Your Best Health

Why You May Never Want To Buy This Particular Candy Again

Back in 1976, Red Dye #2 was banned from the use of food after being discovered to be carcinogenic. This was the key food color used to in M&M’s colorful snacks. But, when the dye was reintroduced into food products in 1983, M&M jumped right back into its use, much to the dismay of their consumers.

Artificial Colors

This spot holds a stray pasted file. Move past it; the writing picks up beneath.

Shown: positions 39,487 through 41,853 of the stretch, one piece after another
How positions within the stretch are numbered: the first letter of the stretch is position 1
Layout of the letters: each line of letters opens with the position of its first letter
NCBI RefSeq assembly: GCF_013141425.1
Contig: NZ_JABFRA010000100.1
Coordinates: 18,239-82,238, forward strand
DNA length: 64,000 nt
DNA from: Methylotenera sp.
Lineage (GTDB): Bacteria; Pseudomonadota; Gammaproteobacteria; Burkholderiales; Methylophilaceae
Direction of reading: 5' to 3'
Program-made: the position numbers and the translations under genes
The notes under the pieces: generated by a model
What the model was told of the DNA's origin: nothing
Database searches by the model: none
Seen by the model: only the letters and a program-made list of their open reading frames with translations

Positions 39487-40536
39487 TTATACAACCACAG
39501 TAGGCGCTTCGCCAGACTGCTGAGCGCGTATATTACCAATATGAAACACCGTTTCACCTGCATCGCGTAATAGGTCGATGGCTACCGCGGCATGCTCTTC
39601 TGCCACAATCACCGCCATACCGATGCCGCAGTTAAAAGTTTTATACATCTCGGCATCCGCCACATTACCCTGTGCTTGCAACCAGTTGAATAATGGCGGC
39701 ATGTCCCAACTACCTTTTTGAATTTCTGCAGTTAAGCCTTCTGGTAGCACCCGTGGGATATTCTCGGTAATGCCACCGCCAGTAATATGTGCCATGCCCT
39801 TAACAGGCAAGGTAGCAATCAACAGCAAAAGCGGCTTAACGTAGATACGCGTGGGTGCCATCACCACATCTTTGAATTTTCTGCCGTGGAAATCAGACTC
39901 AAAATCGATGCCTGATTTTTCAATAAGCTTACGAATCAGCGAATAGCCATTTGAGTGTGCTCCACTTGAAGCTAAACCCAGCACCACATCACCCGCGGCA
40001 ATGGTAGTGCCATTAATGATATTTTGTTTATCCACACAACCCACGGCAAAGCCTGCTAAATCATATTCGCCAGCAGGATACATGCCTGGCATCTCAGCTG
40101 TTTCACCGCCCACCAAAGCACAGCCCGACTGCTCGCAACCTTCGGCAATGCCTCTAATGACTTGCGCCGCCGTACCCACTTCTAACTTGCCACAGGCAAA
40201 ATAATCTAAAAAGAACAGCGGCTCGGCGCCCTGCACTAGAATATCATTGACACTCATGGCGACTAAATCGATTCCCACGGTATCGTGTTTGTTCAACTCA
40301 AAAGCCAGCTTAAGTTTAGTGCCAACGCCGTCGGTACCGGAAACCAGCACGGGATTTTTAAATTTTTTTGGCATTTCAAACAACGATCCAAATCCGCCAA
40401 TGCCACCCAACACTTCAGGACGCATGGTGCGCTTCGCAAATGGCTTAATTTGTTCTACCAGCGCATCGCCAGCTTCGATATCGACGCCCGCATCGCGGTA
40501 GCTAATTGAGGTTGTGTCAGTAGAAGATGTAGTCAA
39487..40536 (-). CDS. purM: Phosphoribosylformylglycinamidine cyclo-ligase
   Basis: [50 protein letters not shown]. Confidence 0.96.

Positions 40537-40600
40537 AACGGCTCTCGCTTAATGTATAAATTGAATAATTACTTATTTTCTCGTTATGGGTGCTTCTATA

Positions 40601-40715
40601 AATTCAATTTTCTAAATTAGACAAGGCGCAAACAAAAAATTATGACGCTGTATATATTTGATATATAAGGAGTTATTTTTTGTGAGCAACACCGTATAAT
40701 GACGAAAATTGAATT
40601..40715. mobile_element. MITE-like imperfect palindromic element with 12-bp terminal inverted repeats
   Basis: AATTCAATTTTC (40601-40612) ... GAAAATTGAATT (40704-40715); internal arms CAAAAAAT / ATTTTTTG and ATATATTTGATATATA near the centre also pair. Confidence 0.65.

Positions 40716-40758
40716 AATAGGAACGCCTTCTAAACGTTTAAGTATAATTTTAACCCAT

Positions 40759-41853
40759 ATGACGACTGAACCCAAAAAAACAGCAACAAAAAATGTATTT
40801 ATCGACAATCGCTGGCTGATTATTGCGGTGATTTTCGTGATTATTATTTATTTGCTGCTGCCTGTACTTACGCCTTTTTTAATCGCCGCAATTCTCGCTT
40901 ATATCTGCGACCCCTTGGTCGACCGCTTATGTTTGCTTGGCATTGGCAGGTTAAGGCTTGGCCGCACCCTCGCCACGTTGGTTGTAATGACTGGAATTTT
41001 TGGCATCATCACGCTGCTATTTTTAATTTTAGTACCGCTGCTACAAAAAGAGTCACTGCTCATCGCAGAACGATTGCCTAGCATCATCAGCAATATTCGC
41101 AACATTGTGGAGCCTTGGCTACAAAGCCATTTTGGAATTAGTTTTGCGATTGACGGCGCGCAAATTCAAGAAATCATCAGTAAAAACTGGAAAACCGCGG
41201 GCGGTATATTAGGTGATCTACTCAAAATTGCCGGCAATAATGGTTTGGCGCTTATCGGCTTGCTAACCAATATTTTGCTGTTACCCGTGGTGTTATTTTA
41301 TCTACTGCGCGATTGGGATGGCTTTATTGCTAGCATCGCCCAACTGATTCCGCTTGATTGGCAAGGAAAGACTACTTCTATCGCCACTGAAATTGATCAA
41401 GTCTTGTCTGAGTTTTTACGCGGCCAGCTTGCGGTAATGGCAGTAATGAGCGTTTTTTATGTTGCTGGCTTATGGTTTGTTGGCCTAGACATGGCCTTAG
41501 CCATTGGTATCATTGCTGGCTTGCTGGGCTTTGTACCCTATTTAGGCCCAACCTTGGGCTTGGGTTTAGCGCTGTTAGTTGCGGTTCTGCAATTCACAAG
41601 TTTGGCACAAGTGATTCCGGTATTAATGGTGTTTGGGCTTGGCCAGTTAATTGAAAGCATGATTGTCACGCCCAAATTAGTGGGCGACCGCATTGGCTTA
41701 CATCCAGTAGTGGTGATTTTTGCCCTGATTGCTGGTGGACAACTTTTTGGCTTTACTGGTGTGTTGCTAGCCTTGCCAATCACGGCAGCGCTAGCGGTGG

Apart from Red Dye #2, M&M’s contain:

Blue Dye #1: linked to malignant tumor growth in rat studies as well as low blood pressure problems, hives, asthma, and allergic reactions

Blue Dye #2: linked to tumor growth, abnormal cell development, and hyperactivity in children

Red Dye #40: linked to cancer, DNA damage, swelling around the mouth, hives, and hyperactivity

Yellow Dye #5: a common food allergy, as well as potential links to cancer and behavioral problems

Yellow Dye #6: linked to diarrhea, vomiting, migraines, allergic reactions, hyperactivity and cancer


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